heavy duty medication

The two most startling things about Morris are his height and his baseball cap. The cap is for the Toronto Blue Jays. I only know that because when he turns round the name is printed in big letters on the fastener. That bold splash of red, blue and white seems to draw the colour out of the rest of him – a great, stooping stalk of a guy, dressed in brown slippers, grey slacks and a leached, off-white shirt.
‘In here,’ he says. ‘Follow the bear.’
We go through into the lounge. It’s orderly but lonely, the kind of place that doesn’t have much but what there is falls easily to hand.
Morris takes his cap off and points to a scabbed wound a cinch above his left eyebrow.
‘Ouch!’ I say. ‘How’d that happen?’
‘I fell,’ he says. ‘It’s a long story.’
‘But you didn’t go to hospital.’
‘Nah. What would I want to go there for? It’s full of sick people.’
I have to nod at that.
I go through the usual questions, with a slant towards someone with a head injury. Everything seems fine. He’s getting over it. The doctor adjusted his meds. Things are happening.
‘Everyone’s been very kind,’ he says, slapping the cap back on.
I start the examination.
‘Tell me a bit more about this fall,’ I say. ‘Was it a trip kinda deal? Or did you have a funny turn?’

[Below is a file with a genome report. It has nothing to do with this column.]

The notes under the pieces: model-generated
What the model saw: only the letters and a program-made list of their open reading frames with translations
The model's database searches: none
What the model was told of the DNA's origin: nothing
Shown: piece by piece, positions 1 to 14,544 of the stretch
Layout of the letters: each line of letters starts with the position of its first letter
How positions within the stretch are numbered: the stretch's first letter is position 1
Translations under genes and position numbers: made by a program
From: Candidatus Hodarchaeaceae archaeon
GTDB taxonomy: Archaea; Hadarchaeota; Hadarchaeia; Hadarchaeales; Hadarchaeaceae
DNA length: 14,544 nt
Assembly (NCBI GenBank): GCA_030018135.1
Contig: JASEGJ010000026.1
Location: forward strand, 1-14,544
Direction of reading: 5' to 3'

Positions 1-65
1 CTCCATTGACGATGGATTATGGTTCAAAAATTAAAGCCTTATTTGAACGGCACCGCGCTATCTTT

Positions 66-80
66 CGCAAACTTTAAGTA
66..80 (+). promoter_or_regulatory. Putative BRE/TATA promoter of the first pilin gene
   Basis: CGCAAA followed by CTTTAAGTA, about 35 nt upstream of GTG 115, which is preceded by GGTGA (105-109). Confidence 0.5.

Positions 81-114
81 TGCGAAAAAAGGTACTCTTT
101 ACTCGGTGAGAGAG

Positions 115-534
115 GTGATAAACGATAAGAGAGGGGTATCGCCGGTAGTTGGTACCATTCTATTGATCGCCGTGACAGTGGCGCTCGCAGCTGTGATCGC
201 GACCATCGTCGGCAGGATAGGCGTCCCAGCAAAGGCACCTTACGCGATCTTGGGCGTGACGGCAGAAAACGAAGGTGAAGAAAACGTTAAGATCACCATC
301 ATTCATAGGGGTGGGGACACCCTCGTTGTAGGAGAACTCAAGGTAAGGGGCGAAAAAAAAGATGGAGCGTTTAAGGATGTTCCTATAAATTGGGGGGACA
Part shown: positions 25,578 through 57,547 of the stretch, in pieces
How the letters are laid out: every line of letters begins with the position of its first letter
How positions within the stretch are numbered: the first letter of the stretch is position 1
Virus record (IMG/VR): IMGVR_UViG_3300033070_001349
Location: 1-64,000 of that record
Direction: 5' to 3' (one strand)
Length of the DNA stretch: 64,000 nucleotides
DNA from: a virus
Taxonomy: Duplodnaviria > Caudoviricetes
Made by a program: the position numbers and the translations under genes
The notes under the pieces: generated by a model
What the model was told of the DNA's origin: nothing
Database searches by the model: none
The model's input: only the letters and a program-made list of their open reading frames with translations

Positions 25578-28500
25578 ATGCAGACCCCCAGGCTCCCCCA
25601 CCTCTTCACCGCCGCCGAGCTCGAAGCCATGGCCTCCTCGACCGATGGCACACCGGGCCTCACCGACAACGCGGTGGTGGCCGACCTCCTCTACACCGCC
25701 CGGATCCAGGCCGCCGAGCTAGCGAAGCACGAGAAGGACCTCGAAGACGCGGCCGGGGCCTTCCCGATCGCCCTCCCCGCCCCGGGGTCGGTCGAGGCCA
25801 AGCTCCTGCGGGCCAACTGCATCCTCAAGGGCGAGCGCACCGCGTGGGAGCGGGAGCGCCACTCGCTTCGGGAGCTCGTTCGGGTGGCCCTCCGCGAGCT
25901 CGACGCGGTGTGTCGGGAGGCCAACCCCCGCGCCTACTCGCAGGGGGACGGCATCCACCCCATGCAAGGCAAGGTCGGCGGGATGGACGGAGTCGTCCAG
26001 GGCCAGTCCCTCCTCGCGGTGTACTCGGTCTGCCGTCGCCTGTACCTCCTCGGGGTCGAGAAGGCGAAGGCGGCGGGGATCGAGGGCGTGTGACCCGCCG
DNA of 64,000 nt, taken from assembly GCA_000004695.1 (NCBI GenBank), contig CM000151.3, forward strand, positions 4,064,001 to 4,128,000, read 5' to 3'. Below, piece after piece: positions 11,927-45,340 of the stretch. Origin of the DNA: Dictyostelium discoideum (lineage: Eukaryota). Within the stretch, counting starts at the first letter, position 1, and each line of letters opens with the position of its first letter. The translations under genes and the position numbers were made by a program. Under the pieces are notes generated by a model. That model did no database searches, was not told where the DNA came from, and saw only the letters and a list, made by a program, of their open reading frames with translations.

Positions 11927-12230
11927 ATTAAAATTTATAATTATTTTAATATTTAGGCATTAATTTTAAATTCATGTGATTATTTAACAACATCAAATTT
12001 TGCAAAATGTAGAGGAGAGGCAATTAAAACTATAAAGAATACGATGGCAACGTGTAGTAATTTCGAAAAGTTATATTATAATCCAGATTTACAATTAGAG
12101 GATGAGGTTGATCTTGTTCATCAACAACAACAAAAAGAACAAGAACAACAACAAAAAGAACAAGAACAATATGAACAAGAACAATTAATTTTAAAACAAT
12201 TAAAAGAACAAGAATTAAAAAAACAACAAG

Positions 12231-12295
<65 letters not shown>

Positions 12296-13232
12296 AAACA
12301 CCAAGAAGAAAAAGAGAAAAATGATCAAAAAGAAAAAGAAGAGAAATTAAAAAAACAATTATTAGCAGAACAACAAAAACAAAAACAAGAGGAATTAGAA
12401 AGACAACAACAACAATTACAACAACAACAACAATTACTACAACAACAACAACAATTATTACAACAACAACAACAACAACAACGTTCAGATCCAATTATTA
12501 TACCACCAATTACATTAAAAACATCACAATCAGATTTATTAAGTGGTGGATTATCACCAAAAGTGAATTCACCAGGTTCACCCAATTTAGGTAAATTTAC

‘Neither. I fell outta bed and cracked my head on the side table. It bled like a bastard so I called the paramedics. But these things bleed a lot. So. Apparently you need a lot of blood up in your head to keep your brains afloat. There was just one paramedic. He was very, very good. Surprisingly cheerful, even though it was the middle of the night. I said to him, I said: How d’you manage it? Being so cheerful n’all? And he turned round to me and he said: Morris? I love my work – but I’m also on some heavy duty medication. Which I thought was a good answer.’
‘I like that!’
‘Heavy duty medication. That’s what I need, I think.’
‘You’re not doing so bad.’
‘I suppose you’ve got to have a sense of humour in that line of work.’
‘Have you fallen out of bed before?’
‘Never. This was my first time. But I won’t be rushing back to repeat the experience.’
‘What happened exactly?’
‘Promise you won’t laugh?’
‘I’ll try.’
‘Okay. So. I was having this dream. I was playing at Old Trafford, I was running up the pitch with the ball at my feet, taking them all on. I could see George Best making a play for it way over on the right. And I was just about to cross when some bastard came studs up from nowhere and took me down. And when I woke up I was lying on the carpet  covered in blood.’
‘That’s a red card, right there.’
‘When I told the paramedic what happened he laughed and said he’d seen some bad tackles in his time, but never one that knocked someone sixty years into the future.’
‘I wonder who he was.’
‘What? The paramedic? I don’t know.’
Morris sighs and straightens his cap.
‘The way things are these days, I probably dreamed him, too.’

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